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Logo of nihpaAbout Author manuscriptsSubmit a manuscriptNIH Public Access; Author Manuscript; Accepted for publication in peer reviewed journal;
 
Cell. Author manuscript; available in PMC Jun 24, 2013.
Published in final edited form as:
PMCID: PMC3691069
NIHMSID: NIHMS301255
The human brain in a dish: The promise of iPSC-derived neurons
Ricardo Dolmetsch and Daniel H. Geschwind
Contact information for co-corresponding authors: Ricardo Dolmetsch, Department of Neurobiology, Fairchild Research Building Rm. D227, Stanford University, Stanford CA 94305, ricardo.dolmetsch/at/stanford.edu, Tel: 650 723 9812; Cell: 650 799 5497. Daniel H Geschwind, Departments of Neurology, Psychiatry and Human Genetics, Gonda 2506, UCLA School of Medicine, Los Angeles, CA 90095, dhg/at/mednet.ucla.edu, Ph: 310 794 6570; Fax: 310 267 2401
Abstract
Induced pluripotent stem cell-derived neurons from patients promise to fill an important niche between studies in humans and model organisms in deciphering mechanisms and identifying therapeutic avenues for neurologic and psychiatric diseases. Recent work begins to tap this potential, and also highlights challenges that must be overcome for it to be fully realized.
The relative ease with which induced pluripotent cells (iPSCs) can now be generated from human somatic cells is changing the way we study human disease. Nowhere is this clearer than in the brain. Neurodevelopmental and psychiatric disorders have been challenging to study in the laboratory, and despite a large investment, few novel treatments have been developed in the last decade. One problem has been the lack of predictive preclinical models that can be used to study the pathophysiology of a disease, identify therapeutic targets, and test potential therapies. While animal models have been valuable in elucidating disease mechanisms and in providing insights into the function of specific genes, they have a poor track record when it comes to translating findings into human therapeutics (Dragunow, 2008). Post-mortem tissue can provide a window into alterations in brain structure at a cellular and molecular level, but deriving causal inferences from pathological studies of neurodevelopmental or neurodegenerative diseases has many challenges. Into this breach come iPSC-derived neurons and glial cells from human patients.
iPSCs are adult pluripotent stem cells generated from somatic cells by the introduction of reprogramming factors. Like other pluripotent stem cells, iPSCs can be coaxed to differentiate into neurons and glial cells as well as other terminally differentiated cell types by exposure to a combination of growth factors and cell culture conditions. Human iPSCs (hiPSCs) thus make it possible to study human neurons, a previously inaccessible cell type, carrying the genetic information from patients with a specific mutation or a neuropsychiatric disease.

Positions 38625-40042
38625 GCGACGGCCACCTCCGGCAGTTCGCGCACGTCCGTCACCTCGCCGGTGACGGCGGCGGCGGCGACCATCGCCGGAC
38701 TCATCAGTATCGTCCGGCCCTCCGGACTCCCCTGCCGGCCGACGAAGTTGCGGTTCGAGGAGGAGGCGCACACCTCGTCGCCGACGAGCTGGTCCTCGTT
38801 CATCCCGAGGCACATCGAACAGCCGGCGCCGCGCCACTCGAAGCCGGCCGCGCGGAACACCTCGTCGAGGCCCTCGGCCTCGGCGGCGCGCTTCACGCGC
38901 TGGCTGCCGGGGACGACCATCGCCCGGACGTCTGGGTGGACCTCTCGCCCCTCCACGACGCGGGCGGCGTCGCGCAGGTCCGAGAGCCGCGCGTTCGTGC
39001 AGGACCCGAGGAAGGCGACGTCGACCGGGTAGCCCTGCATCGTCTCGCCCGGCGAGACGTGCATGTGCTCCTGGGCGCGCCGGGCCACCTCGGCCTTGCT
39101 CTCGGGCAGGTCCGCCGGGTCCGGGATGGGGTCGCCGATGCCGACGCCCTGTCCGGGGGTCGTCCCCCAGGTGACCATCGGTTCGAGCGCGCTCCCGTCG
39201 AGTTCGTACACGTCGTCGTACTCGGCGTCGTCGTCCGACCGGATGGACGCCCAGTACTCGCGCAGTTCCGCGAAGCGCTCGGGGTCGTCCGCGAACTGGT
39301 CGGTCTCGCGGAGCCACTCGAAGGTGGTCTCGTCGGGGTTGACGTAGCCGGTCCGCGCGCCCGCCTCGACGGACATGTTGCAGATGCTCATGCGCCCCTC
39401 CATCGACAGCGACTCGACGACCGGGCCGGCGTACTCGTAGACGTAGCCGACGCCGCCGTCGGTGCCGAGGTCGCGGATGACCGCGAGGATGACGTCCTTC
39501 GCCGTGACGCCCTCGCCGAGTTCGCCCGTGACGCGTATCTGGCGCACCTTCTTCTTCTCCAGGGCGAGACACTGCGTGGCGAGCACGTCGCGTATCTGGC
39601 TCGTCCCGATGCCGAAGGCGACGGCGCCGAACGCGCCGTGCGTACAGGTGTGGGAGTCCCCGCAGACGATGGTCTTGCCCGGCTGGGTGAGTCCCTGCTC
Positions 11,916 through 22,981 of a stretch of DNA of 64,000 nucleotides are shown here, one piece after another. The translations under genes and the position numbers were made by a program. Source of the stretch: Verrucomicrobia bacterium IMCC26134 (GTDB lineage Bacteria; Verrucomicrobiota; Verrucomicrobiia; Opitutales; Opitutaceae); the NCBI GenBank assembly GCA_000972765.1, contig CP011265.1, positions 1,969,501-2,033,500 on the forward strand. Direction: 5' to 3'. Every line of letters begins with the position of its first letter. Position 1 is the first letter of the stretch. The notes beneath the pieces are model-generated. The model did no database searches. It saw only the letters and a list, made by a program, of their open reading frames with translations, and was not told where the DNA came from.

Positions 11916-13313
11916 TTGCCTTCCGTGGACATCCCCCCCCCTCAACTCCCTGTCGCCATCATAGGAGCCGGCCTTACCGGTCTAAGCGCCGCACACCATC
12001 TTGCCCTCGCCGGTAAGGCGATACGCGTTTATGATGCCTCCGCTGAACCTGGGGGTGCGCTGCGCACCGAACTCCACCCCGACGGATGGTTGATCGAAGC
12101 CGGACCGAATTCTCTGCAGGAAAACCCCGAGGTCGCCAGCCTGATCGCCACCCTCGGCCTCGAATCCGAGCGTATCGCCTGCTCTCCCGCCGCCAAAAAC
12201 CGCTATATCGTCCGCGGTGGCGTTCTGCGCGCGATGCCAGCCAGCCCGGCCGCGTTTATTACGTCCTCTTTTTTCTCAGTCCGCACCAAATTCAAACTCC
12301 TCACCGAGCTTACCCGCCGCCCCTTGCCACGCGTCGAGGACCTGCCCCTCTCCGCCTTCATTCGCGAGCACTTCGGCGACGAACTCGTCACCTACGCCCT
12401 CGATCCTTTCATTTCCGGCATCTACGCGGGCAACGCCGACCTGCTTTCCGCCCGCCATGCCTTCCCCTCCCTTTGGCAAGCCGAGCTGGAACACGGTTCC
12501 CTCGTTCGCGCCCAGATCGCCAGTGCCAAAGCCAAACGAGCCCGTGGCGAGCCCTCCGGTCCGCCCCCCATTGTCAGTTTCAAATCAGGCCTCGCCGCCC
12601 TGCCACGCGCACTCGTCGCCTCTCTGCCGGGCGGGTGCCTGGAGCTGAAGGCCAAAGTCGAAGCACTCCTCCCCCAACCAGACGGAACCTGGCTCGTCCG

Because hiPSCs capture the genetic diversity of the patient population, they are well suited to study how specific sets of mutations lead to disease, something that would be hard to replicate in genetically engineered animals. Most neuropsychiatric disorders including autism, schizophrenia, and depression have a strong genetic component. However, while a single mutation may cause a disease in rare cases, it is more common for disease to arise from multiple genetic events. This is evident from the fact that the mutations that have been identified for neuropsychiatric diseases are not highly penetrant and are often associated with multiple disorders, indicating that there is a contribution from other genetic, epigenetic, or environmental factors (Geschwind, 2008; Vassos et al., 2010). hiPSCs thus provide a clear advantage over animal models for studying the effect of human genetic background on disease penetrance and severity.
A further advantage of using hiPSC-derived neurons is that they offer the only practical way of studying the development and function of live human neurons. Rodents diverged from humans almost 60 million years ago, and lower vertebrates and invertebrates are even more distantly related. Therefore, there are major differences in development and structure between rodent and human brains (Clowry et al., 2010). Mice are lissencephalic, whereas the human cortex has complicated sulci and gyri. Rodents also have far less-developed prefrontal and temporal cortices, whereas the prefrontal and temporal cortex and other interconnected association areas comprise the majority of the human cortex. These regions are particularly important in the context of complex neuropsychiatric diseases. Human brain development is also quite different from the development of the rodent brain both in terms of the timing and the origin of cortical neurons. A significant amount of human neurogenesis occurs in the outer subventricular zone, an area that is significantly reduced in rodents. Specific types of neurons such as Von Economo neurons are found in humans and other large mammals and not in rodents (Allman et al., 2011), and may be key disease targets in dementia. In addition, neurons from different species, even when closely related, have different electrophysiological properties (Steffenhagen et al., 2011). These gross differences suggest that there are underlying molecular and cellular differences between humans and rodents that could impact the validity of preclinical models, a supposition that has been confirmed by genome-scale studies of transcriptional networks. Given these differences, it is not surprising that the therapies found to be effective in rodents are often not effective in patients in the clinic (Dragunow, 2008).
The advantages of hiPSC-derived neurons and the prospect of developing better preclinical models for neuropsychiatric diseases led several groups to generate hiPSCs from patients with genetic neurological disorders (Marchetto et al., 2010; Park et al., 2008; Urbach et al., 2010). Early studies focused largely on the generation of hiPSCs and their ability to generate neurons as a proof of principle. Only recently have a small number of papers reported cellular phenotypes associated with neuropsychiatric disease. This is significant because it was not clear at first that hiPSCs would be useful for modeling neuropsychiatric disorders, as many of these disorders are thought to be due to defects in the development of neural circuits that might not be picked up in cellular assays from reprogrammed somatic cells.